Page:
Once in the tavern , I saw half-empty beer bottles on the tables and I solved the riddle I carried with me ever since childhood . I heard the answer from a tipsy bored Gypsy who sat on his accordion case , in the corner of the establishment , waiting for the patrons to come back. He told me he did not know what the meeting was about , and that he did not give a damn about the flags and their peoples , and he was happy that Gypsies had no state , so they had no reason to worry about it .

He complained that the good times for the Gypsies were long gone , so that he was forced to play in the cafes for small change instead of making good money playing in the open farmers markets . There were no farmers markets left any more and most of Gypsies have moved over to Italy , sensing the coming of the war . I bought him a couple of beers and found out the detail that preoccupied my boyish imagination such a long time ago .

As a boy , I was fascinated by the scene of the great Bosnian bear obediently dancing on his hinds in front of a little Gypsy boy who beat a drum . In my boyish mind , the picture of the powerful bear - The undisputed master of the forest , at whose mention the shepherds' blood froze in their veins - clashed with the picture of the animal obediently up on its hinds and dancing at the first sound of the drum.

My uncle , strong as a bull , heated up by powerful home - brewed brandy and the flaming glances of his fiancee , bet in the tavern that he will wrestle with the bear in the morning . The next morning , when the betting party arrived to pick him up , he was already on the bus to Sarajevo , allegedly due to an urgent business affair that could not wait .

The little Gypsy boy beating his drum looked so poor and unimpressive that he could be forgotten the moment he picked up his coins , had he not had his secret . I can still remember the contemptuous glance he cast down on me after I offered him my new shoes and my grandfather?s ham in exchange for his secret . I did not know at that time that some secrets are not for sale .

And here is his secret . Some crafty and sufficiently crazy hunters had to steal a newborn bear cub and run away with it as fast as they could . They feared the mother bear , who would desperately follow their track until she went mad with pain and slaughtered the first flock of sheep she stumbled upon .

The rest was routine.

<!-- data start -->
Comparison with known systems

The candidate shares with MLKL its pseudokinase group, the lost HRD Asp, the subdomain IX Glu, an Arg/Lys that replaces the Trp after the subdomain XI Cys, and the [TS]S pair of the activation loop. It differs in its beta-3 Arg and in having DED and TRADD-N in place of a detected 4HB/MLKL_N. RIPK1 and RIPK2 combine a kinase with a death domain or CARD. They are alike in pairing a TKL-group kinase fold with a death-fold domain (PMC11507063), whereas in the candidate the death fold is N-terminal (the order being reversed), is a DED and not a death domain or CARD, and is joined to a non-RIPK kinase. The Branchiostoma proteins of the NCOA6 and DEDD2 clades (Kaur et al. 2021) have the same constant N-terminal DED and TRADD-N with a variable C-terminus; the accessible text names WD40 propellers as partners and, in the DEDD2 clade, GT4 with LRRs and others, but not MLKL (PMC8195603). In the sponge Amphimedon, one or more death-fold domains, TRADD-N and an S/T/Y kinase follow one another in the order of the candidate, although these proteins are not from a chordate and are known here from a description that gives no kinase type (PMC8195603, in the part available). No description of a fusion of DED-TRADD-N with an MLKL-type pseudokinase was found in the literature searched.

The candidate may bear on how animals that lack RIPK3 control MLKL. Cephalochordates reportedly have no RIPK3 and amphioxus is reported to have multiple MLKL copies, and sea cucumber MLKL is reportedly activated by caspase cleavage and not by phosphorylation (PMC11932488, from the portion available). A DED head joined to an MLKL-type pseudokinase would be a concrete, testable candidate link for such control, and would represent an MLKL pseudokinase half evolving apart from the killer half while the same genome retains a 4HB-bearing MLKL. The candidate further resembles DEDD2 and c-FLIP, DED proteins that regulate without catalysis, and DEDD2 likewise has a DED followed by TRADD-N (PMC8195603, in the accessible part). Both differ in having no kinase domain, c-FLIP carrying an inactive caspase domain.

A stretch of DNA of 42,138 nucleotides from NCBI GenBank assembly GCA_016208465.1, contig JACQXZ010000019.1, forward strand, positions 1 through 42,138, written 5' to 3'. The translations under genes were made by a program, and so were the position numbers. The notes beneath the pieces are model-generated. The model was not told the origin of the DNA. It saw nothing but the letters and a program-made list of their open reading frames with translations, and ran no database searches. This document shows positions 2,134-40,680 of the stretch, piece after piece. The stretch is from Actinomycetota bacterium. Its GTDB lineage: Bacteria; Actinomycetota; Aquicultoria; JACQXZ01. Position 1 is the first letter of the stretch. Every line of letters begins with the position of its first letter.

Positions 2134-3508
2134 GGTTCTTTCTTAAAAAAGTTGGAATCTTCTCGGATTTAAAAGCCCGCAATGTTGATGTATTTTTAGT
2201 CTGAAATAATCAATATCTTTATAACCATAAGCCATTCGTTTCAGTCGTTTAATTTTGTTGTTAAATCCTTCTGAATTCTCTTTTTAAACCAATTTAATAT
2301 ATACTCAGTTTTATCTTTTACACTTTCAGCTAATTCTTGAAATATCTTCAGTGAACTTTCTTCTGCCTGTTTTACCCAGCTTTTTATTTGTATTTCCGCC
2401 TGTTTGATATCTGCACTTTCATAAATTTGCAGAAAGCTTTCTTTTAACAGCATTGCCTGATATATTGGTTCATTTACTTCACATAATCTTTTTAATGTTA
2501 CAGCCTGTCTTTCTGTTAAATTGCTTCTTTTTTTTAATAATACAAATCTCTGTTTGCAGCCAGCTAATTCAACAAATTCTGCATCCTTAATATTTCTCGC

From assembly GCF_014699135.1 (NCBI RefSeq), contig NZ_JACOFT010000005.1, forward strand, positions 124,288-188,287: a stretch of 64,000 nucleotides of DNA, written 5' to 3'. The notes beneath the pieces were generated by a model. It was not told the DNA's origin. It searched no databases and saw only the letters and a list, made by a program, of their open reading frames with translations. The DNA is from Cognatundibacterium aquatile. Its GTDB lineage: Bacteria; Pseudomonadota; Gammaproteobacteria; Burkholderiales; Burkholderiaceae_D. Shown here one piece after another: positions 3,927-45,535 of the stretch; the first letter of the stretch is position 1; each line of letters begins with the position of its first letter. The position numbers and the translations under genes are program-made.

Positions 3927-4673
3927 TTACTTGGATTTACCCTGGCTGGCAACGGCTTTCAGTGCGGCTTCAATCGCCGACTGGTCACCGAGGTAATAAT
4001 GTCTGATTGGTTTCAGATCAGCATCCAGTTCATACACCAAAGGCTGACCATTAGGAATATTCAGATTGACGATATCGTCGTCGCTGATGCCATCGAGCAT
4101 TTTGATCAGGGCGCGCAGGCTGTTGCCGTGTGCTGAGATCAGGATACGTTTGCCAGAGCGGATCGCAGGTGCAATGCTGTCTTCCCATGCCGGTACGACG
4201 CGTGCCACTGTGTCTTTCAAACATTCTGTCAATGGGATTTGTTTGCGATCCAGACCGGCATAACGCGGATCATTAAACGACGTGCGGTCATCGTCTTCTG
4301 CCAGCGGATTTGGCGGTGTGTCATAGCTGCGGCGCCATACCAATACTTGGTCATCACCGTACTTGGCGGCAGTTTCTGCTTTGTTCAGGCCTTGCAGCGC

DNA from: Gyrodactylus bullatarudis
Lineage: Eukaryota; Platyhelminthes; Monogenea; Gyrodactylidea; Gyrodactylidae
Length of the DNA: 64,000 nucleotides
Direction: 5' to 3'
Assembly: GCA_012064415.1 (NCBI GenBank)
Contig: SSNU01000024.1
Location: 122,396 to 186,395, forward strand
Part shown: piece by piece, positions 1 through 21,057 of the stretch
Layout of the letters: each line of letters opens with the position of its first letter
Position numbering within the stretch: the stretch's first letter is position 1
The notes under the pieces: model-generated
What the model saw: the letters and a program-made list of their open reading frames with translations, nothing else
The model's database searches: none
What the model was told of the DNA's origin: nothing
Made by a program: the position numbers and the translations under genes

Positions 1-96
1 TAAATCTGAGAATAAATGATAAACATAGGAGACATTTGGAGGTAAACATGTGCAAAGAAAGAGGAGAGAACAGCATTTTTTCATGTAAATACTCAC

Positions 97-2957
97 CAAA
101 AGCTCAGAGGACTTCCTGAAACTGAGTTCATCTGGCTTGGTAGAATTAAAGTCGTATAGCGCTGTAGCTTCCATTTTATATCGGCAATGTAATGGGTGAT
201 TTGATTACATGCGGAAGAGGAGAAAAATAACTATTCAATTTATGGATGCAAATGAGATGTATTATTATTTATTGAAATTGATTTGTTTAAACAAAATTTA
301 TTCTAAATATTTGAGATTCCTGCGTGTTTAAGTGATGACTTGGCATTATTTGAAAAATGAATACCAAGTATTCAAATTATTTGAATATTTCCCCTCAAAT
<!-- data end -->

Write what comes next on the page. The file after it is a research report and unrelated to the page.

They would drill a hole through the cub's nose and drive a ring through it so it would not run away . They would the push the cub onto a sheet of metal , red-hot from the fire burning beneath . As the bear started to hop in the pain , the Gypsies would beat their drums . Six months of this painful ritual would make the cub start getting up on its hinds understanding that it is less painful to hop on two legs than on four . The beat of the drum would fill its mind as a painful invitation to dance . Teaching it to bow after someone had thrown a coin into the hat was a matter of nuance , taught on the same red-hot metal , at a different drum beat . Moving from one farmers' market to another , the bear would get used to living with the Gypsies, forgetting the forest as the ancient native land it never became acquainted with .

Then authorities banned such an abuse to protect the bears and put wandering Gypsies under control. No village their wagon trains passed through was left unperturbed , because the Gypsies were good merchants - and even better thieves . There was a saying about them . Before you start trading with the Gypsies swallow your wallet , so you can think about the deal until the morning. The bears were just an attraction.

" You have no idea how much I loved my bear ," the Gypsy told me through his tears . " All my children learned how to walk with his help . I left him in the deep forest ten times , and ten times he came back ."

"Imagine, " he added , " the last time I took him to the forest I fired a shot above his head . He stood up and started to dance ." That year the hunters' associations banned the bear hunt because it was embarrassing to shoot an animal walking upright . The hunters were also embarrassed to acknowledge that they were sharing their lunches with the tame forest bears .

At that point a bunch of man burst into the tavern , talking loudly . The gypsy started unpacking his accordion and I ran towards the sound of the bus engine revving at the terminal . I jumped like a bear would jump at the sound of the drum .

Half way to Sarajevo I noticed that my wallet was missing .

" You paid well your secret " I said to my reflection in the bus window . We drove down the road through a thick forest . I kept thinking that it was indeed better not to know some secrets.


At one point in my life I used to make some pocket money working in the Sarajevo Zoo . I suffered then , because other guys at the high school started to shave while I kept telling myself that those few hairs underneath my nose are in fact a mustache . I worked as a guide on the weekends and cleaned the cages on workdays . I was helping Kanada , a Gypsy woman in charge of cleaning five cages : the foxes , wolves , bears , lions , and tigers . I would start with the last three cages , hose in hand , after Kanada locked the animals up in spare cage . I would enter the cages with a gas- mask on my face and a water hose in hand . The terrible stench made my eyes burn . There was a saying that you would wake up after sleeping with a fox only if you were a fox yourself .